Articles   |    
Human osteopetrosis: a histological, ultrastructural, and biochemical study
F Shapiro; MJ Glimcher; ME Holtrop; AH Tashjian; D Brickley-Parsons; JE Kenzora
J Bone Joint Surg Am, 1980 Apr 01;62(3):384-399
5 Recommendations (Recommend) | 3 Comments | Saved by 3 Users Save Case


Histological ultrastructural, and biochemical studies of the tissues of a patient with osteopetrosis were done. The bone contained an increased number of osteoclasts which were characterized ultrastructurally by the absence of ruffled borders and clear zones, hallmarks of actively resorbing osteoclasts. In contrast with normal human bone, tissue collagenase was not detected in osteopetrotic bone cultured in vitro, nor was tissue collagenase activity released when the osteopetrotic bone was incubated with parathyroid hormone. No striking abnormalities of parathyroid hormone or calcitonin were found in the blood or parathyroid and thyroid glands. Except for a slight increase in the extent of lysine hydroxylation of bone collagen, no significant biochemical abnormality of collagen was found. The histological, ultrastructural, and biochemical data support the hypothesis that the basic defect in osteopetrosis is cellular and the osteoclasts, in particular, are abnormal. They appear to be unable to resorb bone and cartilage, and they do not appear to respond to parathyroid hormone in a completely normal way. Clinical Relevance: Bone marrow transplantation has produced improvement in both experimental animals and humans and should be actively considered in a child with osteopetrosis who is not thriving.

Figures in this Article
    This article is only available in the PDF format. Download the PDF to view the article, as well as its associated figures and tables.
    Sign In to Your Personal ProfileSign In To Access Full Content
    Not a Subscriber?
    Get online access for 30 days for $35
    New to JBJS?
    Sign up for a full subscription to both the print and online editions
    Register for a FREE limited account to get full access to all CME activities, to comment on public articles, or to sign up for alerts.
    Register for a FREE limited account to get full access to all CME activities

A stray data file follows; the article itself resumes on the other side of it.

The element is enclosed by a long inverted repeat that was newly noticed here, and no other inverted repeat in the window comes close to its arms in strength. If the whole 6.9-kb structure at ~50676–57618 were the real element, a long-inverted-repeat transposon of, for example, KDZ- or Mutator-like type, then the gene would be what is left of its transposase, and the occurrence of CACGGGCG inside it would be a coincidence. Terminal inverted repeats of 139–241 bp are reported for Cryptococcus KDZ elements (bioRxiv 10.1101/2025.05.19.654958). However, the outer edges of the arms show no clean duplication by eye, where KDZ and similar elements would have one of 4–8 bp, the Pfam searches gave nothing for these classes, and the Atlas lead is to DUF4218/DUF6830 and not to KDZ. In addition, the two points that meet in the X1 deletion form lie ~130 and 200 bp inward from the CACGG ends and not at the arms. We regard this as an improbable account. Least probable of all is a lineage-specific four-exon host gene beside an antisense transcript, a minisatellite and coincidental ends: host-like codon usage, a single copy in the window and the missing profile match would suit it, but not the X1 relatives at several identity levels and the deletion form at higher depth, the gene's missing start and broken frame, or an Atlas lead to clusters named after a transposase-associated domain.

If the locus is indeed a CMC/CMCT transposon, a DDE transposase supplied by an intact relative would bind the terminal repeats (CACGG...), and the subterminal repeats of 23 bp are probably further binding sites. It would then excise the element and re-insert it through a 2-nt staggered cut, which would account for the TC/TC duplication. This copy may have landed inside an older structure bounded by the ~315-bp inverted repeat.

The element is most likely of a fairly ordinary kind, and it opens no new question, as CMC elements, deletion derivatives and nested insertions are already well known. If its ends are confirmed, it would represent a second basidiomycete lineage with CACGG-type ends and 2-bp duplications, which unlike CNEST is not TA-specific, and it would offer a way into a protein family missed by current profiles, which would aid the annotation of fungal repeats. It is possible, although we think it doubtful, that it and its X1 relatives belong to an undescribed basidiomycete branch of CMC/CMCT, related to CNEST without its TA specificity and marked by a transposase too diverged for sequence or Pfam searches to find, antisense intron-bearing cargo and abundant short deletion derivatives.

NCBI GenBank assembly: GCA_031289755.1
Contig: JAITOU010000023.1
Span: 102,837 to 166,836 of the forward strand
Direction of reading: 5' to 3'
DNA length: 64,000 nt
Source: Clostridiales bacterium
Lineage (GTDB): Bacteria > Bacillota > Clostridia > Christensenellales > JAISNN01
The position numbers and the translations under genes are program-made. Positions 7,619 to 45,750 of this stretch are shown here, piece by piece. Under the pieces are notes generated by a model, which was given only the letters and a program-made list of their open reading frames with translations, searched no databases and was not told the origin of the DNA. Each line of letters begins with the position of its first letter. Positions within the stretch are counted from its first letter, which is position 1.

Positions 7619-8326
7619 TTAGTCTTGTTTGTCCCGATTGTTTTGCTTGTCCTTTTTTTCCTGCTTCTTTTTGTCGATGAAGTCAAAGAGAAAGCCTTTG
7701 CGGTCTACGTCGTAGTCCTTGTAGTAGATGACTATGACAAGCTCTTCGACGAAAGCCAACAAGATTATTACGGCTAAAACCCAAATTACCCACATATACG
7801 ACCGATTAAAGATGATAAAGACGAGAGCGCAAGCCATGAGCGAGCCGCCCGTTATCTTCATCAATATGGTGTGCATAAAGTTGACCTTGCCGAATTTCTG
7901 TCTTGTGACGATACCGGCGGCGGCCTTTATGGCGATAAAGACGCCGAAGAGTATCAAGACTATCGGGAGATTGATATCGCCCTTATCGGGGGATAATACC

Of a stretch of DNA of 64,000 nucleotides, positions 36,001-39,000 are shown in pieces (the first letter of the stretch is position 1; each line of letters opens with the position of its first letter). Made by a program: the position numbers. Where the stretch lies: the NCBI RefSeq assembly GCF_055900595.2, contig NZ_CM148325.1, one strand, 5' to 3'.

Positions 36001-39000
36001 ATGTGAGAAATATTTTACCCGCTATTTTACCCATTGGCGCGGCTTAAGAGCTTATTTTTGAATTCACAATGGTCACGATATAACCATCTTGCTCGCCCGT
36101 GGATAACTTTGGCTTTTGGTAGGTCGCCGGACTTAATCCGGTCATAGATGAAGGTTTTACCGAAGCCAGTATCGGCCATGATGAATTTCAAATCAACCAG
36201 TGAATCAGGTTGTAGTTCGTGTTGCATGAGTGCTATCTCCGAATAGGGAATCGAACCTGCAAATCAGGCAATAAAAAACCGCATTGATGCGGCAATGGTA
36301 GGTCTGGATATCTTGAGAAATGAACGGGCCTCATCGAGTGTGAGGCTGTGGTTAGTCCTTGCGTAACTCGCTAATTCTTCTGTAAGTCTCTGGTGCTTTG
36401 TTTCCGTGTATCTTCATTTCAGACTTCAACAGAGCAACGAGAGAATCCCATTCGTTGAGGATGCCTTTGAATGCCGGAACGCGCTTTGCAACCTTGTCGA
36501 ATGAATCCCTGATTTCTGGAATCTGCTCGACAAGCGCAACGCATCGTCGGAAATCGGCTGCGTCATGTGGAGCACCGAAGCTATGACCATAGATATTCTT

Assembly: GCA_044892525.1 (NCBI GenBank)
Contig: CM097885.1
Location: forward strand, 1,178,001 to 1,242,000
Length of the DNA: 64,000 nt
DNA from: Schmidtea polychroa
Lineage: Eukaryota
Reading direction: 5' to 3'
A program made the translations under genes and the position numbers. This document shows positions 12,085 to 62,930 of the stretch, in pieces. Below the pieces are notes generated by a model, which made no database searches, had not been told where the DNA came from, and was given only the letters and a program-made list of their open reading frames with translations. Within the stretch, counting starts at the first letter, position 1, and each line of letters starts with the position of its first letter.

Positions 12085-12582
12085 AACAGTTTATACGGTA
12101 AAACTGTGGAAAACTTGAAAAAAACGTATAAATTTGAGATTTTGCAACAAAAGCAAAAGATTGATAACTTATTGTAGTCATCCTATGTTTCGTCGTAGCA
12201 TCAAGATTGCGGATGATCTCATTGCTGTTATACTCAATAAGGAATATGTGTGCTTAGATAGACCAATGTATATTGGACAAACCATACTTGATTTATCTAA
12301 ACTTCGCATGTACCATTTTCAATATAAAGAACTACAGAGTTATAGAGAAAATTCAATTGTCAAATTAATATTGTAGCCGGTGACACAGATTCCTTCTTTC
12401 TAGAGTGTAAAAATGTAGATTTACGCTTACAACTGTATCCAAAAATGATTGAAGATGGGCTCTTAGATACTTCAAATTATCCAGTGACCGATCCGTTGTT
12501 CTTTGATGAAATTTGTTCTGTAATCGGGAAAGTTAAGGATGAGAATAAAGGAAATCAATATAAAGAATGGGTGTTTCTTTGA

Have a subscription to the print edition?
    Current subscribers to The Journal of Bone & Joint Surgery in either the print or quarterly DVD formats receive free online access to JBJS.org.
    Forgot your password?
    Enter your username and email address. We'll send you a reminder to the email address on record.

    Forgot your username or need assistance? Please contact customer service at subs@jbjs.org. If your access is provided
    by your institution, please contact you librarian or administrator for username and password information. Institutional
    administrators, to reset your institution's master username or password, please contact subs@jbjs.org


    Accreditation Statement
    These activities have been planned and implemented in accordance with the Essential Areas and policies of the Accreditation Council for Continuing Medical Education (ACCME) through the joint sponsorship of the American Academy of Orthopaedic Surgeons and The Journal of Bone and Joint Surgery, Inc. The American Academy of Orthopaedic Surgeons is accredited by the ACCME to provide continuing medical education for physicians.
    CME Activities Associated with This Article
    Submit a Comment
    Please read the other comments before you post yours. Contributors must reveal any conflict of interest.
    Comments are moderated and will appear on the site at the discretion of JBJS editorial staff.

    * = Required Field
    (if multiple authors, separate names by comma)
    Example: John Doe

    Related Content
    The Journal of Bone & Joint Surgery
    JBJS Case Connector
    Topic Collections
    Related Audio and Videos
    PubMed Articles
    Clinical Trials
    Readers of This Also Read...
    JBJS Jobs
    S. Carolina - Department of Orthopaedic Surgery Medical Univerity of South Carlonina
    New York - Icahn School of Medicine at Mount Sinai
    District of Columbia (DC) - Children's National Medical Center
    W. Virginia - Charleston Area Medical Center